I've boarded the train, scrutinized the numbers on my ticket amongst the the Chinese characters and meandered my way to what I hope is my hard sleeper. Next stop: Xian, the Terracotta Warriors with over 2000 years of history and an adventure in the making.
Shortly thereafter a couple arrives with a new born. The woman smiles and nods and then busies herself with the child. The man quickly engages in conversation as the train slowly begins to rattle its way along the tracks. I find the Chinese very curious and friendly. Canadians are well thought of in China due to Norman Bethune's participation in the Long March. "Canada and China...very good friends," the man tells me.
It hasn't taken me very many days to realize that our western sense of "taboo" is completely non-existent in this country. Just a day before, after a bout of food poisoning and looking incredibly jaundiced, a Chinese person came up to me and inquired, "so, is your skin white or is it yellow?" How does one explain that? Normally, if I feel good, not quite so yellow. One would never get away with pointing out skin colour in Canada...it just simply isn't politically correct. Here, however, absolutely nothing is off limits, except perhaps criticism of the government.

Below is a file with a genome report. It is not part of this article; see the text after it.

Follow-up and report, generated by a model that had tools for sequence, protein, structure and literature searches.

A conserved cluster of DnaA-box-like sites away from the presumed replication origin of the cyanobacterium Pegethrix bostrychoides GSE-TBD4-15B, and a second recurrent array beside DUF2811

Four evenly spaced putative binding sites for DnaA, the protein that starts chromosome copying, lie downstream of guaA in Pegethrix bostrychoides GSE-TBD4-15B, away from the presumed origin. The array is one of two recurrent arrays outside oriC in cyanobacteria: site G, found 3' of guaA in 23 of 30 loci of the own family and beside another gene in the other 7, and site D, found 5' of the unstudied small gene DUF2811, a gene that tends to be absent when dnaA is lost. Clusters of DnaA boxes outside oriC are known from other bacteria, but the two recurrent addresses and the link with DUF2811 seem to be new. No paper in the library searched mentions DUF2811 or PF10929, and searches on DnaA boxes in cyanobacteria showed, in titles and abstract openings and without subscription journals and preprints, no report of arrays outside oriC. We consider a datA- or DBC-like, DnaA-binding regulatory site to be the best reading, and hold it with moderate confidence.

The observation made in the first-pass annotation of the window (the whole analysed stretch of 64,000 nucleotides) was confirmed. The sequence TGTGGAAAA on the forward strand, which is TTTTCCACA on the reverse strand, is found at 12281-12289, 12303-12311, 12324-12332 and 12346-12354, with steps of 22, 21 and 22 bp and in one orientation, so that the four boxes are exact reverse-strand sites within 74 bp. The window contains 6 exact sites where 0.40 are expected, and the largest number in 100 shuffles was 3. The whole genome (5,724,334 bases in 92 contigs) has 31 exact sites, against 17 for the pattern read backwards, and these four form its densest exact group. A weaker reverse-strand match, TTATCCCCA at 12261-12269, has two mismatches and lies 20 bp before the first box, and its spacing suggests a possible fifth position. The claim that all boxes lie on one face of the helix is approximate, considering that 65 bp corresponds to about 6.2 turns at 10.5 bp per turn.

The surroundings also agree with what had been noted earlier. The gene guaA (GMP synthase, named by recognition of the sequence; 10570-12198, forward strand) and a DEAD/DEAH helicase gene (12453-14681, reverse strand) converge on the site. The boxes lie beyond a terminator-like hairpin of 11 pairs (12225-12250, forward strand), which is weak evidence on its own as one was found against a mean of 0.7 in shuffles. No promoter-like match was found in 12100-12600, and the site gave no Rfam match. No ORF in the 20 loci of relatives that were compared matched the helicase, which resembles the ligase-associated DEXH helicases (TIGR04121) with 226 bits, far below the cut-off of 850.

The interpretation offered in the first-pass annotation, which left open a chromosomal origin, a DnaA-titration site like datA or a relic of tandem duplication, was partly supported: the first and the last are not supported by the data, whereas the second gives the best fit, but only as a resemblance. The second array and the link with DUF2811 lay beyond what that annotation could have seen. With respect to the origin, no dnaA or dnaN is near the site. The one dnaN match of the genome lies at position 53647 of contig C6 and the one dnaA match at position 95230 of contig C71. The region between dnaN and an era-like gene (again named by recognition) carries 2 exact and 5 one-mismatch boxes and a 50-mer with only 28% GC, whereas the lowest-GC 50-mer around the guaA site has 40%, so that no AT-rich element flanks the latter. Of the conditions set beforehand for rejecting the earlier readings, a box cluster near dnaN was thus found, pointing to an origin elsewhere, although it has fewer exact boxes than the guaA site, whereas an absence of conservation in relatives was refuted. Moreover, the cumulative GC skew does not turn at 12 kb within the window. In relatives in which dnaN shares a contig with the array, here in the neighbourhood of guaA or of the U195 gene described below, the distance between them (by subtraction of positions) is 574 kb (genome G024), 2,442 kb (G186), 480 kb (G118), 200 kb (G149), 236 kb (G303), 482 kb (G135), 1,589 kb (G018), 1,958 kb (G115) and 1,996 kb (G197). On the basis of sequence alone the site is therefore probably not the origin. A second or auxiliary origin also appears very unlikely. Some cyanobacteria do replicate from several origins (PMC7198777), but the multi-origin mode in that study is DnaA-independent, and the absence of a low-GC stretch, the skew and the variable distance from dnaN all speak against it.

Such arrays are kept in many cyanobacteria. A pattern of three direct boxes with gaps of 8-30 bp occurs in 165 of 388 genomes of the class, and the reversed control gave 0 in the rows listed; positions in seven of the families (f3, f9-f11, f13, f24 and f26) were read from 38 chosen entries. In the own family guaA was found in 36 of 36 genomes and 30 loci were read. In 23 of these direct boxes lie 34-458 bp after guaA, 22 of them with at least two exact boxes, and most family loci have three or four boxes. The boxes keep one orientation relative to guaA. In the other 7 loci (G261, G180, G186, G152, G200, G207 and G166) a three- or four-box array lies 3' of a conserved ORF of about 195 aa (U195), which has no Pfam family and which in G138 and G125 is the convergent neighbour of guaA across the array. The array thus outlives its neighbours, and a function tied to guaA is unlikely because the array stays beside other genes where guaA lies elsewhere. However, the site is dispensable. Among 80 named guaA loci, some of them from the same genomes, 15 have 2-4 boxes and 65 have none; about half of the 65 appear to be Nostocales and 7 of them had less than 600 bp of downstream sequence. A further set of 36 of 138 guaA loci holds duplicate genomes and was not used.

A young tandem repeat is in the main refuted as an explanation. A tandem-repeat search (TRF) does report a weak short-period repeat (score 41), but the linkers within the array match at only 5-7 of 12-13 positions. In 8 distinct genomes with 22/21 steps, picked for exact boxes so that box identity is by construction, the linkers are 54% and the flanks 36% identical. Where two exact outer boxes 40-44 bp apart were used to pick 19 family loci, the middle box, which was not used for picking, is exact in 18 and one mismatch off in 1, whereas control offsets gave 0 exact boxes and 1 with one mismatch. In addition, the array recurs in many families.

As the train creeps through the country side, We pass a series of your standard Chinese shanty shacks. Farmers toil the fields accompanied by mangy looking dogs. Eventually, up a dusty hill, I see an unusually luxurious looking residence. Officially the Chinese can't own land, or so I've been told, but the man is most obviously nervous about this topic and the sharp contrast of this house compared to those we saw previously.
The conversation turns back on the baby. With the one child rule, children are spoiled and doted on. These parents, like so many others, are beamingly proud. My mind keeps flitting to a particular fair haired, blue eyed "waspy" looking friend back home who had allegedly been born with a mysterious "Mongol spot", a dark spot at the base of the tailbone which I've been told is common place amongst almost all Asian children. The spot usually disappears when the child is anywhere between two and four years of age. For years, this girl's doctor teased her of being descended from Genghis Khan, for the spot is sure "proof" of Mongol blood. I wonder. It is not something that I had ever witnessed. Was it true?
Eventually curiosity overcomes my reserved, stoic upbringing. I have to know...so I ask, "is it true?" The father immediately flips the child over and whips off her bottoms and there it is. I'm stunned. I no longer remember what I had imagined, but it certainly wasn't this...a big dark blue, round spot that looks like a huge bruise. The father explains that there is a myth about a benevolent goddess...although looking at the size of the spot, I'm not quite sure how benevolent she could be. When the child is coming into the world, if the goddess decides to spare the child's life, she gives it a hard smack on the bottom right as it makes its way into the world leaving this big round blue spot. This young girl has been spared and apparently blessed.